But they did.  I clearly remember one calmly-reasoned and humbly-offered sermon that laid it all out for us:  Yoda was really the Buddha, the Force is based on Eastern Mysticism and Pantheism, and “the Dark Side” is really just riffing on a “yin-yang” principle that has little to commend itself to a Christian world-view (and all, this, keep in mind, was before Episode I revealed that Anakin was, in fact, the result of a virgin birth... woah Nellie...)

One of my best friends in Sunday School was not allowed to watch Star Wars, read Star Wars books, or otherwise have anything to do with the franchise.  To their credit, my parents tended to see it all as harmless imaginative fun, and I got to see for myself the look of dismay on Luke’s face when he finds out that Vader is, after all, his Father.  From what I understand, their decision raised one or two pious eyebrows among the more cautious parents at church.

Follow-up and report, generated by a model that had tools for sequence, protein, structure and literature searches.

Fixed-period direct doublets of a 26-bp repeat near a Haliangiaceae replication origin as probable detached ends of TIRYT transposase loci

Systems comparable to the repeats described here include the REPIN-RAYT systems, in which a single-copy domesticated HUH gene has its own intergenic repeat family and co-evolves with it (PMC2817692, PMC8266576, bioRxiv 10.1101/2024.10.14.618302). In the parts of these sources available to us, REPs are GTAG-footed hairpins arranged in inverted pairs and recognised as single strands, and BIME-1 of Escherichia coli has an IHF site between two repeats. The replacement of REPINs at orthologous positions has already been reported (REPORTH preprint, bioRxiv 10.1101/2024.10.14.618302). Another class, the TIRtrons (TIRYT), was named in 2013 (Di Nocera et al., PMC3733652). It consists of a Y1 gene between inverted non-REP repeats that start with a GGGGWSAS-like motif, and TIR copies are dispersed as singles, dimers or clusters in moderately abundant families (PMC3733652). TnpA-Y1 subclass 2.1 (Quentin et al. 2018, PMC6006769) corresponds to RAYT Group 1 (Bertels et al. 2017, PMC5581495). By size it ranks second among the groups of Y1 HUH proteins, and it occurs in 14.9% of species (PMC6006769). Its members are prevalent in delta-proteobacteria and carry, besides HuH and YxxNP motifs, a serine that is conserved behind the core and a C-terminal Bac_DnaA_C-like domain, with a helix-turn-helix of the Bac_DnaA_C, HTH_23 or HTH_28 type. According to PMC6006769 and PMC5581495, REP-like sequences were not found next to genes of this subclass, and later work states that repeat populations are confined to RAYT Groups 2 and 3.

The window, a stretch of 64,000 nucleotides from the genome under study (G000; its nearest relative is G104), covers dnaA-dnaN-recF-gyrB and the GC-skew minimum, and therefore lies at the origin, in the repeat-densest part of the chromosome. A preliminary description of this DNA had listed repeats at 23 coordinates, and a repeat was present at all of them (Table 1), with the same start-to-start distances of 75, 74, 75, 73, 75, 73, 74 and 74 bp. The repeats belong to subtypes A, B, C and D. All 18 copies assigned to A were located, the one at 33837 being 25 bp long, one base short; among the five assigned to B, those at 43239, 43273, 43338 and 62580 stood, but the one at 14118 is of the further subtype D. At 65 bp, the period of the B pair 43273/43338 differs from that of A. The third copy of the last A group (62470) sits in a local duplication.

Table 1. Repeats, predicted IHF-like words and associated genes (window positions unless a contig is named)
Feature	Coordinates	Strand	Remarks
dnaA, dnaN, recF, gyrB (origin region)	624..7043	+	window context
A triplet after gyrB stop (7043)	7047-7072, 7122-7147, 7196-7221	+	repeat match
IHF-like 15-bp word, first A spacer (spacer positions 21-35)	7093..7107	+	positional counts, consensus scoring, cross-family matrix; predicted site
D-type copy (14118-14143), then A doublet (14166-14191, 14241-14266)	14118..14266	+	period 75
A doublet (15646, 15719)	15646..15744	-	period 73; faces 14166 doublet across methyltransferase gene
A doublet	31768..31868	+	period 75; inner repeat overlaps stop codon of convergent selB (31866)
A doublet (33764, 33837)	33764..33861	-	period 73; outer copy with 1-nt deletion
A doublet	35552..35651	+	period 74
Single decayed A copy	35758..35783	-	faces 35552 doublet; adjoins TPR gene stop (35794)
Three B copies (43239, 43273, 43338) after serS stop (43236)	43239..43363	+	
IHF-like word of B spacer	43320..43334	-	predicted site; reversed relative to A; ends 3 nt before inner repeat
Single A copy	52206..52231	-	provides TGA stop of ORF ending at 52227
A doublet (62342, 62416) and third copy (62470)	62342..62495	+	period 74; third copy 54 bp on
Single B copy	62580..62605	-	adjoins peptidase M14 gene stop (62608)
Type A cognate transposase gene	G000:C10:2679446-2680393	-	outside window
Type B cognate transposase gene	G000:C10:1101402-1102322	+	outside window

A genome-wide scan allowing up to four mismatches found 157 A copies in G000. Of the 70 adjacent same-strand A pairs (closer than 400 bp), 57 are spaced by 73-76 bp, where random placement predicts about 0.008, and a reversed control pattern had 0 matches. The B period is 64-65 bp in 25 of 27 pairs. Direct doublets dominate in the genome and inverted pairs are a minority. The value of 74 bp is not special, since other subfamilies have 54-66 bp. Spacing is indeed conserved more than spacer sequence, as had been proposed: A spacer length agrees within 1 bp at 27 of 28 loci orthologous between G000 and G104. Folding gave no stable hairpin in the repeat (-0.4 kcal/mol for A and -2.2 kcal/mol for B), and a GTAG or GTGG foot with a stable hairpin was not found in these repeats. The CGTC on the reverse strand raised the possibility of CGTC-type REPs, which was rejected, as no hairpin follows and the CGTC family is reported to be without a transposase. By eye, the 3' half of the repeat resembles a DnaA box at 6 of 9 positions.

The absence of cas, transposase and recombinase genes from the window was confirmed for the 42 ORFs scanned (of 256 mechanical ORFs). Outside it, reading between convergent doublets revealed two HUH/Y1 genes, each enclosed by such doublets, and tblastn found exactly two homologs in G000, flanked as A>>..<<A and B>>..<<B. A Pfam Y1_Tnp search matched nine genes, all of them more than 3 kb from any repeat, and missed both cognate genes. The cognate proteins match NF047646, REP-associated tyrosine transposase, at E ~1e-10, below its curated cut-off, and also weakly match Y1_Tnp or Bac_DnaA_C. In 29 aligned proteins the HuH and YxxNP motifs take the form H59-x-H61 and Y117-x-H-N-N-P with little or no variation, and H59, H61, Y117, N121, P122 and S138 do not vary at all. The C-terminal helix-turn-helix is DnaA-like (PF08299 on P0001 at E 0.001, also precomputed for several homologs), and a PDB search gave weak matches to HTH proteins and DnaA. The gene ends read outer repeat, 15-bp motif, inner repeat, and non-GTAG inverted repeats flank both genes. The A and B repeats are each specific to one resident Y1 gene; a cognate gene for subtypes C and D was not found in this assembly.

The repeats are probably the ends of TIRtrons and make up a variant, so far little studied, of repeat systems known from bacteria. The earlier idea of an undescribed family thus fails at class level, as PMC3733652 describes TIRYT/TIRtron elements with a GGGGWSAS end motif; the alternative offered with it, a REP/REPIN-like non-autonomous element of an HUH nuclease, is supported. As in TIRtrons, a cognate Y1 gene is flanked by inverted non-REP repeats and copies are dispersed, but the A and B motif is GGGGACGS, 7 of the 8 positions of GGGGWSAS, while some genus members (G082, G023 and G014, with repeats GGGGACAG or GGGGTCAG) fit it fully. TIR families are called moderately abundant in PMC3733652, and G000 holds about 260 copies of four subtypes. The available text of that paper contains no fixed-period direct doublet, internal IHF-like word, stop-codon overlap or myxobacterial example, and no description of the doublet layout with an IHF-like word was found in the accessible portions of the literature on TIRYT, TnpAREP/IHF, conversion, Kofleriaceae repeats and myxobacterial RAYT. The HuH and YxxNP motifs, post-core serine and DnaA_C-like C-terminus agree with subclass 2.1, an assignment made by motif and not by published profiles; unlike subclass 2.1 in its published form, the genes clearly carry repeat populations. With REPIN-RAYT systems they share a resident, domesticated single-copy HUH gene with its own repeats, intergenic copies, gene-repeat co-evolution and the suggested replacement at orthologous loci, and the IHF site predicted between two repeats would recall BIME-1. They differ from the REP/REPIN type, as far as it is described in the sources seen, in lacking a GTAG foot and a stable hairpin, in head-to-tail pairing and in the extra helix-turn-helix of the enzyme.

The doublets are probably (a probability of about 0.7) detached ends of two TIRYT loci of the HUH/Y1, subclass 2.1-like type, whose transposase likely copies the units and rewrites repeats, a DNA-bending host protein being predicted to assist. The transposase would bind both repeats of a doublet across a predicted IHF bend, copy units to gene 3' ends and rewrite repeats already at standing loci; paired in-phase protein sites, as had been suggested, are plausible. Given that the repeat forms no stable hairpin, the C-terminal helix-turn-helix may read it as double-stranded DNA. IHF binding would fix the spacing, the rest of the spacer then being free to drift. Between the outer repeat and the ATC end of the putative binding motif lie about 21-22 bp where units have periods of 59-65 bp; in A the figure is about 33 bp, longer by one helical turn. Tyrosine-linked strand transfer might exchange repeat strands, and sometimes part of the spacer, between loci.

But I was thinking about the Star Wars controversy the other day, because the long-awaited Season 2, Episode 10 of Gravity Falls just came out, and my kids and I made a date of it the other night.

In case you don’t have a houseful of pre-teens/teenagers to keep you abreast of the latest in pop-culture phenomena, I should explain that Gravity Falls is a quirky, sometimes bizarre, but very compelling animated series by Disney that’s really big with the folks down at the Internet these days.  And it’s pretty big with my kids too.

In a nutshell, Gravity falls is about these twins, Dipper and Mabel Pines, who visit their Great Uncle Stan for the summer, in a sleepy little Oregon town called Gravity Falls.  A bit of a shyster with a sketchy past, Grunkle Stan runs a “museum of the paranormal” called the Mystery Shack, along with ‘Soos, his handyman, and Wendy, the aloof teen hired on for a summer job.